Jack was an outstanding performer who aced his academics, never had a bad class, and attended an ivy league college. You guessed it right - he also got placed in a good teaching position directly. Jill, on the other hand, was an average student. She attended a community college and faced multiple rejections before getting accepted.
Jack and Jill were great friends who used to go up the hill, their favorite spot when they were young. Both the teachers decided to meet at the same spot after a long time. One of them had become a renowned figure in the profession while the other was stuck teaching in the same place for the past ten years.
Who do you think was more successful? Jack? No, it was Jill. Surprised? Read on to find out where he went wrong.
Not Spending Enough Time on Career Planning
What Jack did wrong: Once he got placed, Jack stopped taking out time to plan and think about, ‘What next?’
What Jill did right: She started planning for a better career with a better job and started finding ways to upskill herself for the same.
Like planning a lesson helps us achieve the lesson’s desired learning outcomes, career planning helps us achieve our career goals. One of the tricks to do this is to move ahead by going backward. Confused? Let me help you out.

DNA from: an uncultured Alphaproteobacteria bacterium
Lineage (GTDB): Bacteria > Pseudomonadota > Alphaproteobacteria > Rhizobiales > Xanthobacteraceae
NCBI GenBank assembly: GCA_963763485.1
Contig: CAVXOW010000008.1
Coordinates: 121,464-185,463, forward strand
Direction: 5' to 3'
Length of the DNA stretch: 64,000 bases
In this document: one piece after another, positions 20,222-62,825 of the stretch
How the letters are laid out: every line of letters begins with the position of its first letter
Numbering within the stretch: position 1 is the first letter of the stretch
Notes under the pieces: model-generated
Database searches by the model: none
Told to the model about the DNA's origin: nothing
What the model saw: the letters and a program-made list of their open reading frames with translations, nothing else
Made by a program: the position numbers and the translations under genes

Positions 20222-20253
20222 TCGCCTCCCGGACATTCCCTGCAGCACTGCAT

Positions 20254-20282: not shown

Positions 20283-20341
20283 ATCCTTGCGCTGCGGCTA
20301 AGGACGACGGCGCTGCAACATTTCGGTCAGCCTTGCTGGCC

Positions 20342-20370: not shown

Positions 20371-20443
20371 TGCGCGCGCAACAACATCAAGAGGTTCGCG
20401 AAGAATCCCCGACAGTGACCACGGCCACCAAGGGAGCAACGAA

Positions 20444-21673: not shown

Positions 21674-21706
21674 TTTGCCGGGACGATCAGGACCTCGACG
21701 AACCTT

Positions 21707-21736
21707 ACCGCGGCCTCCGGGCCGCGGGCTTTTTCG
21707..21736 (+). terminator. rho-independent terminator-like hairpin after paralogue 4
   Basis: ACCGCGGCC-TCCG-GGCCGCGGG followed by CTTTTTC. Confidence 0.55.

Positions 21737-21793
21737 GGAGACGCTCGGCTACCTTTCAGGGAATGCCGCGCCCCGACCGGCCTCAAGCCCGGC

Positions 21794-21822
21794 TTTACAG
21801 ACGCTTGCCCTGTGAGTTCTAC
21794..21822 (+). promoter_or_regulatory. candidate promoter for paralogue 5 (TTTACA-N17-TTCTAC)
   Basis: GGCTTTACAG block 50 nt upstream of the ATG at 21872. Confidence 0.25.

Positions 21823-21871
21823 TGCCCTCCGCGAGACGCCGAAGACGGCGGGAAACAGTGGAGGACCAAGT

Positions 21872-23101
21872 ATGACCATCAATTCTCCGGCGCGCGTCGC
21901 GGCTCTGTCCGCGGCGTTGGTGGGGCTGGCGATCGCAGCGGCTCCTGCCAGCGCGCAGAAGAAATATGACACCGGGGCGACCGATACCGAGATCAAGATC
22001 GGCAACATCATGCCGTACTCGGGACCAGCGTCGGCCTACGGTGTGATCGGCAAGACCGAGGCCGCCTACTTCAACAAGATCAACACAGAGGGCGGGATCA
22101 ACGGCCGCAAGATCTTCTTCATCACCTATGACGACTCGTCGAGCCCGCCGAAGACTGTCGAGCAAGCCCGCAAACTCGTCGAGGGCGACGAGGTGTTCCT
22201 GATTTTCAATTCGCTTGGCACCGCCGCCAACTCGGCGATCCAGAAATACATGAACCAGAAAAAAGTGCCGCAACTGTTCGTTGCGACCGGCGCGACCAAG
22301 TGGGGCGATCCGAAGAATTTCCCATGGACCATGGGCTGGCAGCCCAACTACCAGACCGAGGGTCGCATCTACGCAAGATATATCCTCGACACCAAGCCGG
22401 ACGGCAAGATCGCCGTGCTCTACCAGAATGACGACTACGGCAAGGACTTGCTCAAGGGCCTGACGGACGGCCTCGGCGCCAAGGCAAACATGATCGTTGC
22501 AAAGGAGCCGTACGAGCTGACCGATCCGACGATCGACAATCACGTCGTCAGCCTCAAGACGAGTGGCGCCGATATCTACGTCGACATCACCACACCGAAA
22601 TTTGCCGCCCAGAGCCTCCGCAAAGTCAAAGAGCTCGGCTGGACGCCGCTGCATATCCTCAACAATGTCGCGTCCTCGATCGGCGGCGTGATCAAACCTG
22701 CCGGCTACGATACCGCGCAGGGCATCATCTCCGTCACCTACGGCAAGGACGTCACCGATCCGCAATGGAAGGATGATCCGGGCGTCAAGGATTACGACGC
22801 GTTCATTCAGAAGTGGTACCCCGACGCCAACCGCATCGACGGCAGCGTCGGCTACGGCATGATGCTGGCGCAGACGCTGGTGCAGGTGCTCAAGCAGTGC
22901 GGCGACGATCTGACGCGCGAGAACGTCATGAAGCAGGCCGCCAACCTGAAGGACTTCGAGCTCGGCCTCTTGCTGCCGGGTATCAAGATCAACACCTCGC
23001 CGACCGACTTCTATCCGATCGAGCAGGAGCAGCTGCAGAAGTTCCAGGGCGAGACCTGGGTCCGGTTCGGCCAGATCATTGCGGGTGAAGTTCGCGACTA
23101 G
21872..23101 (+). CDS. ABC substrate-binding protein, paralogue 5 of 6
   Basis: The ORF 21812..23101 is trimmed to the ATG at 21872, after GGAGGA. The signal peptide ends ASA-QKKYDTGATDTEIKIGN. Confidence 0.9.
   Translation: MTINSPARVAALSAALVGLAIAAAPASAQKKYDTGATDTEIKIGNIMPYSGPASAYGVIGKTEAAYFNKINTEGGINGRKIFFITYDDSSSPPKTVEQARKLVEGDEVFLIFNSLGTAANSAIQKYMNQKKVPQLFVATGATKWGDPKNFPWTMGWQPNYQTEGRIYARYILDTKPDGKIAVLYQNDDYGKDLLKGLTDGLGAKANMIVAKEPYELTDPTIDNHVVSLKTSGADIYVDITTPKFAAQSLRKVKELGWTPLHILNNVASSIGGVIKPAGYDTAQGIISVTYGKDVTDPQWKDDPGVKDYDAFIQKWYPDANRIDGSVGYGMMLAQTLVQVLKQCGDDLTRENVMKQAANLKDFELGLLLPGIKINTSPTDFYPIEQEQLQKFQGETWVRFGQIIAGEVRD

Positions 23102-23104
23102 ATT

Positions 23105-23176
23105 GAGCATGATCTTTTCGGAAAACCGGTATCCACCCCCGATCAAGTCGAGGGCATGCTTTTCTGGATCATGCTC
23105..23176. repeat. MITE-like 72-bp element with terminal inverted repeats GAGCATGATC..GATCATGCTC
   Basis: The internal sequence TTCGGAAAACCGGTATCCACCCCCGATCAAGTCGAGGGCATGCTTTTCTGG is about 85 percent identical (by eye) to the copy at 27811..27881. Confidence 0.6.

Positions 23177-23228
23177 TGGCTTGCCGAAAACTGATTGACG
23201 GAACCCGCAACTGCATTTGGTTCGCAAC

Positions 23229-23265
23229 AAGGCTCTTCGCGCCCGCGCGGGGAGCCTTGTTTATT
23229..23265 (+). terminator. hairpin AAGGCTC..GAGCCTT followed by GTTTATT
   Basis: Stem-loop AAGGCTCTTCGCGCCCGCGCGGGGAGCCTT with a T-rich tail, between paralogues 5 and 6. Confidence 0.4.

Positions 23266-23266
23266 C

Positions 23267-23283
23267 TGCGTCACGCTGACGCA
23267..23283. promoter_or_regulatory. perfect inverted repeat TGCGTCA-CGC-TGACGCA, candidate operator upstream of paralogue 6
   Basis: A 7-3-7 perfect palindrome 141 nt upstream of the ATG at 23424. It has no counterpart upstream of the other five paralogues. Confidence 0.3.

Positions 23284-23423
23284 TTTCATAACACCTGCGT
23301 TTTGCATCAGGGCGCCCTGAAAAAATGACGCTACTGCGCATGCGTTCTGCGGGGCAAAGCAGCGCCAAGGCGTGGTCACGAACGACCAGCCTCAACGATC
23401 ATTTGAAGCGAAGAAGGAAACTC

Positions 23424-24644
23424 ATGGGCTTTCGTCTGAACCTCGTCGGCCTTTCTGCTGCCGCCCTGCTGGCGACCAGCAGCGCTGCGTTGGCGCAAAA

Instead of beginning with short-term goals and getting stuck there, start by keeping the end in mind. Ask yourself, “What motivates me?” or “What is something that I am passionate about?”
Jill did exactly this. She began by deciding the ultimate goal and working backward from there. Ofcourse, define the key milestone in your journey towards the end. The milestones not only keep us motivated but are also indicative of the fact that we are on the right path.
LONG TERM GOAL → SHORT TERM GOALS + STEPS TO TAKE
What Jack did wrong: After getting placed in a premium institute, he became highly casual in his approach and fell behind like the rabbit from the race.
What Jill did right: Jill, on the other hand, continued to hustle like the tortoise. And, as we know, ended up winning in the long run.
Often, we make the mistake of getting too comfortable in one place. Result? We end up losing our drive and don’t put effort into upskilling ourselves.
“Hey! I am aware of this, but what can I do about it?”